Layoffs, ultimatums and an ongoing saga of blue marks: Elon Musk’s first month on Twitter | CNN Business

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Sunday officially marks one month since the world’s richest man took over Twitter.

In that time, Elon Musk initiated mass layoffs and gave remaining employees a cryptic ultimatum, reinstated the accounts of controversial figures including former President Donald Trump, and pitched, then launched, a plan to cash in on the blue brands Twitter icons.

After spending months embroiled in an unsuccessful legal battle to get out of his initial proposal to buy Twitter, Musk made his first splashy entrance to the company’s offices on Oct. 26, carrying a sink. (In a video of the incident shared on Twitter, he wrote: “Entering Twitter HQ, let it sink in!)

Since then, the billionaire seems to have left no stone unturned in his first month as “Chief Twit.” Here’s a look at the variety of ways Musk (who is still, at the same time, CEO of his other companies Tesla and SpaceX) has already made his mark on one of the world’s most influential social media platforms.

Almost immediately after Musk completed his $44 billion deal to buy Twitter, he fired former CEO Parag Agrawal and other executives. He then became the CEO and sole director of the platform, according to a securities filing.

The dramatic leadership transformation, however, was only the first taste of the major staff overhaul that was to come. Musk began broad layoffs across the company, reducing its global workforce by roughly 50% in a couple of days.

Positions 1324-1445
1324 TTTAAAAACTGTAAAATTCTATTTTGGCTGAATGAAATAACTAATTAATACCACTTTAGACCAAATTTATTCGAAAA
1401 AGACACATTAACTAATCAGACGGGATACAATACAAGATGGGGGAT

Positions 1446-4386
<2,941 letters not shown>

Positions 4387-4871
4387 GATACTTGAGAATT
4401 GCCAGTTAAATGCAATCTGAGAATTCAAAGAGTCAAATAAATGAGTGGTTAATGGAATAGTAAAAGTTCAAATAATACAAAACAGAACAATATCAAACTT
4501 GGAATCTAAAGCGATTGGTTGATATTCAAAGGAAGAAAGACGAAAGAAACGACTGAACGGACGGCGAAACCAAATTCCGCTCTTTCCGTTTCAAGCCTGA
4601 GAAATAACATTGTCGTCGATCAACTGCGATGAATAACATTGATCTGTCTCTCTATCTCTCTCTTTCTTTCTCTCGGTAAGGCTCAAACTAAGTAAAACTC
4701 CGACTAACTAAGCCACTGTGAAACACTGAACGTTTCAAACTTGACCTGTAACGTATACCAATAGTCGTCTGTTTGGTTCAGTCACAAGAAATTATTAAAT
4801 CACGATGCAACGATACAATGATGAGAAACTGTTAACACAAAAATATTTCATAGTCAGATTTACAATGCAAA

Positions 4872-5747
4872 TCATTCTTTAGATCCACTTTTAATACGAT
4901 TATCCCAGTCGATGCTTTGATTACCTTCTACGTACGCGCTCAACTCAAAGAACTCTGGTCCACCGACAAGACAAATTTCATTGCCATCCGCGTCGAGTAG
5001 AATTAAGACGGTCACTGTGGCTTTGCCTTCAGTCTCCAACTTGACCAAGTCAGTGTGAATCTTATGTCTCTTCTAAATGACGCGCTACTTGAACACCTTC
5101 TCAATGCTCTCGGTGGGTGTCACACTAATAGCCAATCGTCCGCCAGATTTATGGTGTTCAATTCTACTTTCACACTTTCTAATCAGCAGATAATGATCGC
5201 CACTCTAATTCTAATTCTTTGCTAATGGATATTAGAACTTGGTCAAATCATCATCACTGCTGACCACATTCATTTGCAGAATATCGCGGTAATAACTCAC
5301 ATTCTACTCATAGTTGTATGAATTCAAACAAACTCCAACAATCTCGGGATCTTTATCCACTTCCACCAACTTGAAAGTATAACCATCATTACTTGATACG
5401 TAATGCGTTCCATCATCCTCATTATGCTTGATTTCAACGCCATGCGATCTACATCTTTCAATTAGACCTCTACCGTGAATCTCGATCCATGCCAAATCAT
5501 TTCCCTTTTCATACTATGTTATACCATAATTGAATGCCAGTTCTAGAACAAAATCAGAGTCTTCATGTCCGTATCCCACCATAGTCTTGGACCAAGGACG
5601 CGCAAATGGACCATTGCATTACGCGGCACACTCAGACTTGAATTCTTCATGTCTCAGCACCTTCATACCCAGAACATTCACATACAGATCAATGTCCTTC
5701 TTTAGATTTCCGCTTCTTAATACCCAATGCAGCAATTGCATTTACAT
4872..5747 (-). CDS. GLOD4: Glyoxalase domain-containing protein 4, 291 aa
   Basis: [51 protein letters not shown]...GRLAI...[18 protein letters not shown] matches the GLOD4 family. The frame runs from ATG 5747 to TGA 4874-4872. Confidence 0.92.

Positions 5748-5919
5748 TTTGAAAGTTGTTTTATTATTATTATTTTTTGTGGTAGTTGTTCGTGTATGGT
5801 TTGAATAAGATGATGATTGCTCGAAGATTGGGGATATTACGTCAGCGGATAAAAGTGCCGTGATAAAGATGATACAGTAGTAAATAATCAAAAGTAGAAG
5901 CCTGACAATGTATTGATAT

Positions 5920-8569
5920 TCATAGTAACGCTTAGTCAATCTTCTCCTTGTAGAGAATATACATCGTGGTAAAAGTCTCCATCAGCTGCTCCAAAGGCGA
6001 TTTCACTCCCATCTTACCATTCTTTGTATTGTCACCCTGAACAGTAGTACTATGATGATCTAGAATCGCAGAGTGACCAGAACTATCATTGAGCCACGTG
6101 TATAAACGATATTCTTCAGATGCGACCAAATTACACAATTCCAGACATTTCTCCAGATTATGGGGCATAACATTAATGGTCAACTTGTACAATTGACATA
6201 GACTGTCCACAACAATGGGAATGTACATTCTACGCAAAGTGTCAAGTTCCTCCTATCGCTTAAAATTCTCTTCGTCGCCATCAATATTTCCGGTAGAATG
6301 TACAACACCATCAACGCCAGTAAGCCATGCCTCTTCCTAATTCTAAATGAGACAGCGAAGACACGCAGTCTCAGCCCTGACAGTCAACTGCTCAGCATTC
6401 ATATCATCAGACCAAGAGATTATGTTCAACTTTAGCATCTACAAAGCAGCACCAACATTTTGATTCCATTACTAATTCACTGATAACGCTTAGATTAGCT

On the eve of November 3 and into November 4, numerous now-former Twitter employees began posting on the platform that their company email accounts had been blocked as job cuts began to take hold. to occur in a public and very dramatic way. .

The layoffs affected departments such as ethical AI, marketing and communications, search, public policy and more. While workers bid farewell to their colleagues online — many sharing blue hearts and greeting emojis to indicate they’d lost their jobs on Twitter — Musk remained largely silent, at least about the job cuts.

In another dramatic move by the new boss, Musk publicly fired a software engineer who had survived the initial round of cuts but later questioned Musk on Twitter.

In an internal email the night after the massive staff cuts, Musk asked Twitter’s remaining employees to commit to working “extremely hard” or leave the company with severance pay.

“Going forward, to build a breakthrough Twitter 2.0 and succeed in an increasingly competitive world, we will have to be extremely tough,” Musk wrote in the memo sent on Nov. 16. “This will mean working long hours at high intensity. Only exceptional performance will constitute a passing grade.”